The book does end rather too abruptly and, especially with hindsight, it's easy to see how the story was already growing bigger then Jordan anticipated. He said a number of times that he had long known exactly how the series would end; he just didn't know how it would get there. The enormous popularity of the books ensured that he would be given as much space as he needed to finish them. Unfortunately, between that and the fact that his wife was his editor, it seems Jordan's leash was probably a bit too long. A stronger editor (not that his wife isn't a good editor, but she is a touch, you know, biased) could possibly have reined him in and tightened everything up.
Still, though, I think the whole thing is worth your time. I'll be posting more thoughts as I finish each book and I'll try to avoid spoilers.
Most of the time beyond some mild side effects (fatigue, sensitivity to cold temps), I don't really have anything indicating that I have multiple sclerosis. In fact, the biggest reminder is probably when I feel the side effects stemming from the weekly injection of Avonex that I take. Every Sunday I feel like I've been roughed up by a gang of jocks. That's why I don't recommend anyone take this drug. It's not pleasant.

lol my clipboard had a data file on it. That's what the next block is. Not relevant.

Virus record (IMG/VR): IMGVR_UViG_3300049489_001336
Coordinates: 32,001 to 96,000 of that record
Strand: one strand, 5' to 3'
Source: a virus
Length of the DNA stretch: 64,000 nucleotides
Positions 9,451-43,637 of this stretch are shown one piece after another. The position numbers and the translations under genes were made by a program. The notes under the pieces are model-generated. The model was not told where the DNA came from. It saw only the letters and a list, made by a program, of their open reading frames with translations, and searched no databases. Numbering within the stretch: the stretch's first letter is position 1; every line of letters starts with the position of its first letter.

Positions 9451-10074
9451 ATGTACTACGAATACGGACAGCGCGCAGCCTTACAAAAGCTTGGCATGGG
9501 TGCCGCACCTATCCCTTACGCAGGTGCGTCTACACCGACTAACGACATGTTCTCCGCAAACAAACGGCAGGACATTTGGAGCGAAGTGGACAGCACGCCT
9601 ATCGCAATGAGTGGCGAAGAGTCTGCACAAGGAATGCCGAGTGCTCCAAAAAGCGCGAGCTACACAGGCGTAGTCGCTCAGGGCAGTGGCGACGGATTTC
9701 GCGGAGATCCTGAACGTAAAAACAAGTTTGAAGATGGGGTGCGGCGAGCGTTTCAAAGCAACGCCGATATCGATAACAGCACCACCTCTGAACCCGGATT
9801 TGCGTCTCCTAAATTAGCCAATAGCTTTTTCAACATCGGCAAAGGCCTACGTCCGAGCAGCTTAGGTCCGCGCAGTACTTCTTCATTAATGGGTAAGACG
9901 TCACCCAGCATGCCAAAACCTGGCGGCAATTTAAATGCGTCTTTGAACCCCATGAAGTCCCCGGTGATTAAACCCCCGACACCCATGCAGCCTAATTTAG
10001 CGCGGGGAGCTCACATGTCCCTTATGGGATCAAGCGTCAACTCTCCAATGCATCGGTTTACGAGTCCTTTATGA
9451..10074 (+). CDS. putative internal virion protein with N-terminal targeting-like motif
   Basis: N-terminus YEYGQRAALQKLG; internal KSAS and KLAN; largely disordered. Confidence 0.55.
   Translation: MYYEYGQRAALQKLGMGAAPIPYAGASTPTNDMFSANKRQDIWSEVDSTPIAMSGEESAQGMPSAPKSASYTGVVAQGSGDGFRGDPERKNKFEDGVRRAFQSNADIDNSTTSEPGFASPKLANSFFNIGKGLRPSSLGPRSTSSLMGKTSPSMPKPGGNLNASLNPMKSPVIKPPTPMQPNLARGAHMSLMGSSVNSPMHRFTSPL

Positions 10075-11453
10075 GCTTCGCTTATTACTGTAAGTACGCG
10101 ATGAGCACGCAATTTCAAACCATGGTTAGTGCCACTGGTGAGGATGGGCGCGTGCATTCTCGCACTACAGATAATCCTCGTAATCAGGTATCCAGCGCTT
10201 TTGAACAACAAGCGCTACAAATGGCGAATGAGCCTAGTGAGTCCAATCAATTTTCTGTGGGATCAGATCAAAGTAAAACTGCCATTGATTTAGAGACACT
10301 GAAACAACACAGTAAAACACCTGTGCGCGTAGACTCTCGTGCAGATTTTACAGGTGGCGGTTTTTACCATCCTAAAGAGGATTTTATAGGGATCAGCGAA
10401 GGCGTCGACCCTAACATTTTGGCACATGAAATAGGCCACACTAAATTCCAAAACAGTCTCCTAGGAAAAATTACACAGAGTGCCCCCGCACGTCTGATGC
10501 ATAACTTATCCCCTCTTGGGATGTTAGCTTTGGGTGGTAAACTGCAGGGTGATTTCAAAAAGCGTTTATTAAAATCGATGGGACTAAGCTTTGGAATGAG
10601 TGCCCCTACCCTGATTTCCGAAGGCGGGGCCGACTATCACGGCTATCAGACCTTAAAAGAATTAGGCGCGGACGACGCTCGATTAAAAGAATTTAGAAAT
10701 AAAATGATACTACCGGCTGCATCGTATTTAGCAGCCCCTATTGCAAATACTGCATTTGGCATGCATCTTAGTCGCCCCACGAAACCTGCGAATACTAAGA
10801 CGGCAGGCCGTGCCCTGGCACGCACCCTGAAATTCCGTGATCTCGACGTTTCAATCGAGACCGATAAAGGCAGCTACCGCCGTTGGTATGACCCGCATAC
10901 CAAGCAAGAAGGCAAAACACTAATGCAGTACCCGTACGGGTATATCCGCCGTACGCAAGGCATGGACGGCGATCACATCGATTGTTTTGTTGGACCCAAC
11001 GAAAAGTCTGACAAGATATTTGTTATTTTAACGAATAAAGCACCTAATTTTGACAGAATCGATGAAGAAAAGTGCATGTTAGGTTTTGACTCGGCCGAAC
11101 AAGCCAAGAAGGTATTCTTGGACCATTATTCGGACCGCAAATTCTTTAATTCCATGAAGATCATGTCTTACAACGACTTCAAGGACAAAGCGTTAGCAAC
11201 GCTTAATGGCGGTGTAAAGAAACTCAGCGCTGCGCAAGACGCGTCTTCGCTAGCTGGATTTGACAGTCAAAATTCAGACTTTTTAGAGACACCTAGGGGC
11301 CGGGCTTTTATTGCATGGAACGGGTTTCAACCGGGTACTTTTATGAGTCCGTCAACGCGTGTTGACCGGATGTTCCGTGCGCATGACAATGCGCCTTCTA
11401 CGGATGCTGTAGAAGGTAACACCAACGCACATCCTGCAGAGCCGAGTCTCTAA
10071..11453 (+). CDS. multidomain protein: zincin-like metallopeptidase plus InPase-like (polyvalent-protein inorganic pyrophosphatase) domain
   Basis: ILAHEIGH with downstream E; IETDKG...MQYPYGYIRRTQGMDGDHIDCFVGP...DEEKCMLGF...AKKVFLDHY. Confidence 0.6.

Anyway, I got a more serious reminder on Friday at work. I was walking down a flight of stair and in mid-step I felt a wave of dizziness and numbness on my right side. I'm glad no one was around to see me suddenly grab the handrail and waver there for a second like a neurotic dancer until the feeling passed. It's strange to me how scary this feels, but losing control of your body like this even for a few seconds is terrifying. I'm not sure if this was a one-time deal or if I'm on the verge of a relapse.
Either way, I suppose my MS was feeling bored and forgotten and wanted to remind that it's still lurking around ready to torment me.
Here it is.
I'm nervous about this one after X-Men: The Last Stand and Wolverine: Origins, but I'm still anxious to see it. I think McAvoy is an excellent choice to play a young Professor X and there's certainly enough drama within the escapades of the younger Xavier and Magneto to tell a great story. I hope it actually delivers.